(60) After the imposition of the anti-dumping measures in 1994, the situation of the Community industry improved overall. Continued efforts to rationalise the production process and new investments were made. However, although the situation has improved globally, the period in which the measures were in force has not allowed the Community industry to fully recover from the past effects of the dumped imports, especially as far as profitability is concerned. Indeed, the profitability of the Community industry remained negative between 1993 and 1997. As from 1997 the profitability of the Community industry improved, coinciding with an overall improvement in its sales prices in the Community and in its productivity. However, the Community industry is only just above break-even and its financial results remain clearly below what this type of industry could achieve under normal market conditions.
(61) It is therefore concluded that although the situation of the Community industry has improved subsequent to the imposition of anti-dumping measures, it has not fully recovered and continues to be in a precarious situation.
4. Impact of the imports concerned
(62) The investigation has shown that, despite the imposition of the anti-dumping measures in March 1994, Chinese exports to the Community market have continued to increase. Indeed, imports of fluorspar from the PRC increased by 157 % between 1993 and 1998 and their share of the Community market increased from 21,3 % to 31,3 %. Over the same period, sales of the Community industry increased by 58 % but they lost market share to the benefit of Chinese imports. Their share of the Community market decreased from 42,1 % to 38,1 %.
(63) As regards prices, prices of the Chinese imports increased by 29 % over the period considered. This development in prices has to be seen in the light of the introduction of the anti-dumping measures in March 1994 and the Chinese export licence system introduced in 1994 which has contributed to the increase of the Chinese prices world-wide. The increase in prices is more significant as from 1996, coinciding with an improvement in the sales prices and a reduction of the losses of the Community industry.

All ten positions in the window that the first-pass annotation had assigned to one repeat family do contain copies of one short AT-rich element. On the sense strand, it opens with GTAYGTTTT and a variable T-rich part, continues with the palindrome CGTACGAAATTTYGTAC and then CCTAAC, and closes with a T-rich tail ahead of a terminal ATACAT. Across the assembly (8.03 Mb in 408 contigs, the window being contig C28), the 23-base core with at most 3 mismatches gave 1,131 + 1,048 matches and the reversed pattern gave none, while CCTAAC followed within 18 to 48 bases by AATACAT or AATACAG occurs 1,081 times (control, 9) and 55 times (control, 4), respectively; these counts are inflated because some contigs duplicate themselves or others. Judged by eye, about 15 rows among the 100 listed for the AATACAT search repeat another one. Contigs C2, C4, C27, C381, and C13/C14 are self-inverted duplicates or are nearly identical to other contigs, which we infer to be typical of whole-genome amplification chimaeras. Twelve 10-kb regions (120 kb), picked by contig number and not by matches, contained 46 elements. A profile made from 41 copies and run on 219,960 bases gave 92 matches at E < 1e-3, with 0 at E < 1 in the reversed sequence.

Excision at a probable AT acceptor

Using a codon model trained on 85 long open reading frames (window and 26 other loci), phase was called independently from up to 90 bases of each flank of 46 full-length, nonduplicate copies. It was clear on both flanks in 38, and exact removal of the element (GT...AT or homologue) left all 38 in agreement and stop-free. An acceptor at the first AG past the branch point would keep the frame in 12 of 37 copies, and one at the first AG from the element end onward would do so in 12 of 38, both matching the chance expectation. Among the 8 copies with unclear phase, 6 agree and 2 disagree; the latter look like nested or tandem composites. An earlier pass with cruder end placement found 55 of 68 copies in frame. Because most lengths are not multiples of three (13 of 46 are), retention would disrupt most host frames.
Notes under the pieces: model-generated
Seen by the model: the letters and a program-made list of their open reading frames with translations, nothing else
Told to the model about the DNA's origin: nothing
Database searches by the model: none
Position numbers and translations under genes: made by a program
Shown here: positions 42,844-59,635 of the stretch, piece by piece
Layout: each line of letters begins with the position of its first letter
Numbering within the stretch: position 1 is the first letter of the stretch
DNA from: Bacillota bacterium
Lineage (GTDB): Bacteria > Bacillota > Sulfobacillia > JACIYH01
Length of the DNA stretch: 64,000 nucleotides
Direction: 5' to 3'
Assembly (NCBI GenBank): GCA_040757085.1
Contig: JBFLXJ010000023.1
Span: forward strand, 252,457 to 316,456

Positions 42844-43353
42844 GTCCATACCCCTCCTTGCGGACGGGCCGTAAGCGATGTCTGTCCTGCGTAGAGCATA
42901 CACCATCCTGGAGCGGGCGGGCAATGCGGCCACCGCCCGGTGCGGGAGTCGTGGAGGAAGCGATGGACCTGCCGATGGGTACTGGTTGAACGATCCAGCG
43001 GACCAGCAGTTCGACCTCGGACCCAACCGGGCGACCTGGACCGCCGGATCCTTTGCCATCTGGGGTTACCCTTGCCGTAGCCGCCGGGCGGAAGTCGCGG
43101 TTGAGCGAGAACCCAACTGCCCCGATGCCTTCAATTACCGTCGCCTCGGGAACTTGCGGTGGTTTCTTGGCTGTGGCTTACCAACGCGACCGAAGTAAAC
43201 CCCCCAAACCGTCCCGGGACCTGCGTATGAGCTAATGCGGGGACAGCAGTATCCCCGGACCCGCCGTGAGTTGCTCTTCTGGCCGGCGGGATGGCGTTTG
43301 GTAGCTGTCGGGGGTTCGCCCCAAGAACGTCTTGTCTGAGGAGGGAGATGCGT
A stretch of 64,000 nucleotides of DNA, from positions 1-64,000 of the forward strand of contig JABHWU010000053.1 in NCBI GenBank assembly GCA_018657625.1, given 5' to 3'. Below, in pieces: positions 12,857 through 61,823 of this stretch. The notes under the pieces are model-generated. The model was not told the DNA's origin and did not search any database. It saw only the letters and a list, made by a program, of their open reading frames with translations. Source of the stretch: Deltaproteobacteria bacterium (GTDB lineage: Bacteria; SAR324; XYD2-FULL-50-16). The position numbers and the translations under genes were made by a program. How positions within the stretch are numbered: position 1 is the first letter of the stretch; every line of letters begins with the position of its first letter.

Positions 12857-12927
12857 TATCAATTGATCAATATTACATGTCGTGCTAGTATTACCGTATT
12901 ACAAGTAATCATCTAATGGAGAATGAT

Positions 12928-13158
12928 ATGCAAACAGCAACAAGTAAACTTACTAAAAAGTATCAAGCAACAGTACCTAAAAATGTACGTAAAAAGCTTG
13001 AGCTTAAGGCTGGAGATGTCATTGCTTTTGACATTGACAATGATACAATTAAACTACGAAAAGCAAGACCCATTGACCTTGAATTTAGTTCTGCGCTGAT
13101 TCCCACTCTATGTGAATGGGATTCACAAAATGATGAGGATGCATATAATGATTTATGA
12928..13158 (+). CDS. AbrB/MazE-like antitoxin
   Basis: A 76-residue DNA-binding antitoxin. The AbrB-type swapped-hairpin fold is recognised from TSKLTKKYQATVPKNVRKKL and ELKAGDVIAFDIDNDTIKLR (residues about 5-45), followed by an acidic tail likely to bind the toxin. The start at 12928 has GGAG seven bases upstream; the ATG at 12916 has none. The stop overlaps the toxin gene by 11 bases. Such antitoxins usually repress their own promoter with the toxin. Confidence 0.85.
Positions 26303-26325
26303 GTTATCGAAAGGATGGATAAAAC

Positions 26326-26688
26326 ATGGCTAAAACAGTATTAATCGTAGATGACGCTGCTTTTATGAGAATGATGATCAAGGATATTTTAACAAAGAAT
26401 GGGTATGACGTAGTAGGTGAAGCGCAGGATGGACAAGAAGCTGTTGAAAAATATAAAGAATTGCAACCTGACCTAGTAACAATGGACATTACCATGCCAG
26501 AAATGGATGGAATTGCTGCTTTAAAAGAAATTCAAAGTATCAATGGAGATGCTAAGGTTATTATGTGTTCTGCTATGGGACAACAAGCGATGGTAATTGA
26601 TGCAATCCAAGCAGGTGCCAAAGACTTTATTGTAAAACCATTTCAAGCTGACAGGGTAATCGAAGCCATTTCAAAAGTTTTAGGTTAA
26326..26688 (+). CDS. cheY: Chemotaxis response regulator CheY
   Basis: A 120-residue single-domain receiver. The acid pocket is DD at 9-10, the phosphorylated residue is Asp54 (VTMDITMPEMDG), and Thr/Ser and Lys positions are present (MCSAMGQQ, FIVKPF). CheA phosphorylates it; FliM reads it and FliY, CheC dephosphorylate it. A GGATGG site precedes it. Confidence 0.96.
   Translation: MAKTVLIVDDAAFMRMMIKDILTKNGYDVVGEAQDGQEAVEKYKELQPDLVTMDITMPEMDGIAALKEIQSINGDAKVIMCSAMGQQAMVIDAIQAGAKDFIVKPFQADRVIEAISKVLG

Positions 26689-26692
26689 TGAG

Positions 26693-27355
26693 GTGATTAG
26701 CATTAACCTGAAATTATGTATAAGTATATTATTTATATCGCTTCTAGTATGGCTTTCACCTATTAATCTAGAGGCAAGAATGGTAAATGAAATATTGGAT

(64) In July 1998, the Ministry for Foreign Trade and Economic Cooperation (MOFTEC) eliminated the export quota maintaining only the licence fee. Coinciding with this, Chinese prices decreased, notably in the second half of 1998 and in 1999, showing the potential for a decrease in the prices of Chinese fluorspar in the absence of anti-dumping measures.
5. Import volumes and import prices of other third countries
(65) The volume of fluorspar imports from other third countries increased by 46 % over the period examined from some 104100 tonnes in 1993 to 151700 tonnes in 1998. However, the market share of the above-mentioned countries decreased globally between 1993 and 1998 from 36,6 % to 30,6 %.
(66) As regards the prices of these other exporting countries, it is noted that they increased by 20 % between 1993 and 1998. However, they remained on average lower than the Chinese prices with the exception of Morocco. In the case of Namibia and South Africa, the fact that average export prices are lower than the Chinese prices should be seen in the light of the fact that part of the exports to the Community are made to related Community users, likely at transfer prices. As regards Kenya and Mexico, their fluorspar prices appear to reflect a higher percentage of impurities, which command lower prices as they entail additional costs for the users.
(67) On the basis of the above, it is considered that imports of fluorspar from other third countries have had a limited impact on the economic situation of the Community industry. Furthermore, it indicates that the Chinese exporters were able to significantly improve their position in the Community to the detriment not only of the Community industry, but also of other third countries.
G. LIKELIHOOD OF CONTINUATION OF INJURY
(68) In order to assess the likely effect of the expiry of the measures in force, the following factors were examined: the situation of the fluorspar industry in the PRC, the behaviour of Chinese imports of fluorspar in other third countries and the likely consequences of the removal of the anti-dumping measures on the situation of the Community industry.
1. Analysis of the situation of the fluorspar industry in the PRC
(a) Production, production capacity, stocks
(69) The applicant argued that production and production capacity of fluorspar in the PRC have substantially increased in the period considered, reaching levels well above annual world consumption. It was further argued that if measures are removed, there is a threat of a further increase of dumped Chinese imports.
(70) The Chinese exporters/traders claimed that it was very unlikely that exports of fluorspar to the Community would increase if measures were repealed given the increase in domestic consumption and the controls imposed by the Chinese authorities to production and production capacity.